I searched out those neighborhoods of modern Bologna. Tiny Fiats, monster orange buses and zipping Vespas screamed and screeched. The line at McDonald's wound its way out of the restaurant and under the portico at the corner of Via dell'Indipendenza and Via Ugo Bassi. I instead, headed on the old Via Emilia (modern day Via Rizzoli) toward the Asinelli and Garisenda towers in Piazza di Porta Ravegnana. "If I could only throw myself back to the 12th century and dream the Middle Ages," I said to myself. I would have been there in the piazza when it was called Piazza Padella (a padella is a cooking pot) and seen bancarelle, their venders selling copper pots and utensils. Medieval Bologna - a dark, cold, walled city, full of musty dank, putrid smells in its narrow streets, the splash of canals, the squawks of hawkers and pigs, the clip-clop of horses' hoofs . . . excitement, vitality . . .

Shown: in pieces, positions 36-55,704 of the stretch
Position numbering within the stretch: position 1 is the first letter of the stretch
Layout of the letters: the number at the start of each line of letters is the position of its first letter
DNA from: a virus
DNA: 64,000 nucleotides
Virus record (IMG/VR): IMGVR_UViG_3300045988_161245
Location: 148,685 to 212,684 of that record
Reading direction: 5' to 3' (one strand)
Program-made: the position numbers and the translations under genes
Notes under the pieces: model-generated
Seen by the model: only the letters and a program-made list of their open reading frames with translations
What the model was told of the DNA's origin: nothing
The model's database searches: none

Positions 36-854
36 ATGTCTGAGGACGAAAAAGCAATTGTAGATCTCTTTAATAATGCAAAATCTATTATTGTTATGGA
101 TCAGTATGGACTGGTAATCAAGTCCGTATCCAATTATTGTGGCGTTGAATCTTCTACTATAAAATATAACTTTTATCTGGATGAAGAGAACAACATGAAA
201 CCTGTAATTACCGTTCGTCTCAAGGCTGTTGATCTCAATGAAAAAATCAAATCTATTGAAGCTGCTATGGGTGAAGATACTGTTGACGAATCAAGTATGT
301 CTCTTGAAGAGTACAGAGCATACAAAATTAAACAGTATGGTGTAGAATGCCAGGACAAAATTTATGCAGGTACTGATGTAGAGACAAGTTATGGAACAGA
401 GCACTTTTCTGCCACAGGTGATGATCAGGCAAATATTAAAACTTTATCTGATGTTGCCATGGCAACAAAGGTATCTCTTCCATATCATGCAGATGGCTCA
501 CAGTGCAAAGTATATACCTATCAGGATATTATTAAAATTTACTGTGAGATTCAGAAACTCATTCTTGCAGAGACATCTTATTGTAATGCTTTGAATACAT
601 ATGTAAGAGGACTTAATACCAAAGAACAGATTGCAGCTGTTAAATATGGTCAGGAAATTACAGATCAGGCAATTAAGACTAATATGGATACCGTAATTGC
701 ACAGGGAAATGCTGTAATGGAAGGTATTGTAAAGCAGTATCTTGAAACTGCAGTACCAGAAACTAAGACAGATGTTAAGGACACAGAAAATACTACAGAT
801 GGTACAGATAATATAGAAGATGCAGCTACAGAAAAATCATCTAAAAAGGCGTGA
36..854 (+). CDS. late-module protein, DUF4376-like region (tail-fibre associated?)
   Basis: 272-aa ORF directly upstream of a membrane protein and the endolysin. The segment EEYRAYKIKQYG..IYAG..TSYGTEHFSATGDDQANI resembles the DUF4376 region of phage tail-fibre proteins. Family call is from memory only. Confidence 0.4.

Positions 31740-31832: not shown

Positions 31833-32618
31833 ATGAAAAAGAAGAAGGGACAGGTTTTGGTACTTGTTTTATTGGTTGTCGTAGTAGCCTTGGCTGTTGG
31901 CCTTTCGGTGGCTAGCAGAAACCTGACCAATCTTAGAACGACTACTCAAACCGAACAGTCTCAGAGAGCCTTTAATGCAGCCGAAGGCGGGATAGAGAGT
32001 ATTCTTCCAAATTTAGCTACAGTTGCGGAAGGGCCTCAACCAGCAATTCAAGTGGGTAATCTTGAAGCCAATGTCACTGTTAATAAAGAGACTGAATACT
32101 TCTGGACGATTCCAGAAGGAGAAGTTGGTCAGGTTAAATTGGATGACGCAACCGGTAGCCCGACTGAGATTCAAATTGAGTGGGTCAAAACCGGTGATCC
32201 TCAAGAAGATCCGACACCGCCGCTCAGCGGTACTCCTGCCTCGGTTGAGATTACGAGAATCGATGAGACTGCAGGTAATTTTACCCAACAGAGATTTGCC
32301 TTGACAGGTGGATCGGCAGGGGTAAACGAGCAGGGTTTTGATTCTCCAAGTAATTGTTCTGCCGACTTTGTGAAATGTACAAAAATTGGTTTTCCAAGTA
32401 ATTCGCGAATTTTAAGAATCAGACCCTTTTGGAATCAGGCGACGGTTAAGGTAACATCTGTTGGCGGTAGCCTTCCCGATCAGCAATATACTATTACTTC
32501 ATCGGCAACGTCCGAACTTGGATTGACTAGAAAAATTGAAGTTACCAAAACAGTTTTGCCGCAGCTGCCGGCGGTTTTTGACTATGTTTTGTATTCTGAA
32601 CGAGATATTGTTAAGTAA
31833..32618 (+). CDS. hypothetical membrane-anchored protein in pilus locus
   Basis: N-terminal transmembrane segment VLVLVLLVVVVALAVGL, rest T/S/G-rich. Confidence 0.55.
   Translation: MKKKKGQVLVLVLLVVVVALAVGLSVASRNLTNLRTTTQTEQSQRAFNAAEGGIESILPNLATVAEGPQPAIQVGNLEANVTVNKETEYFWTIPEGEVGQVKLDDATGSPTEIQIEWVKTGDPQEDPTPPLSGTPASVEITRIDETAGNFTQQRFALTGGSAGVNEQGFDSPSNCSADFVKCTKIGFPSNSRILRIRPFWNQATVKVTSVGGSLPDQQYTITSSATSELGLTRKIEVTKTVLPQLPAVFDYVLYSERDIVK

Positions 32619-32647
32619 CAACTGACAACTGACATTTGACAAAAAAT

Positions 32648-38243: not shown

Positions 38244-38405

Just past the Palazzo Mercanzia (1384-1391), I followed Via Castiglione. On the left side of the street was fortress-like Palazzo Pepoli (Via Castiglione, n. 4-10) named after a powerful medieval Bolognese family of bankers. I had been puzzled initially by the heavy iron serpent-like hooks and rings that lined the street-side flank of the edifice, about five feet up from the pavement. Further research revealed that Via Castiglione had once been a canal, an offshoot of the Torrente Savena. It had been routed into the medieval city to move the water wheels for the mills that ground the wheat and dyed the silk. The hooks and rings had once moored boats of course.
The street's narrowness and the particularly gentle bend as it flowed south away from the city center helped me visualize the once shimmering ribbon of flowing water. As I looked toward its intersection with Via Farina, I thought I could see the Ponte di Ferro, the iron bridge that had once crossed the canal. I even caught a glimpse, in my mind's eye, of a dark, sleek boat or two, long and narrow, ends pointed up to the blue sky, oars dipping gently into the water as the navigator hurried along.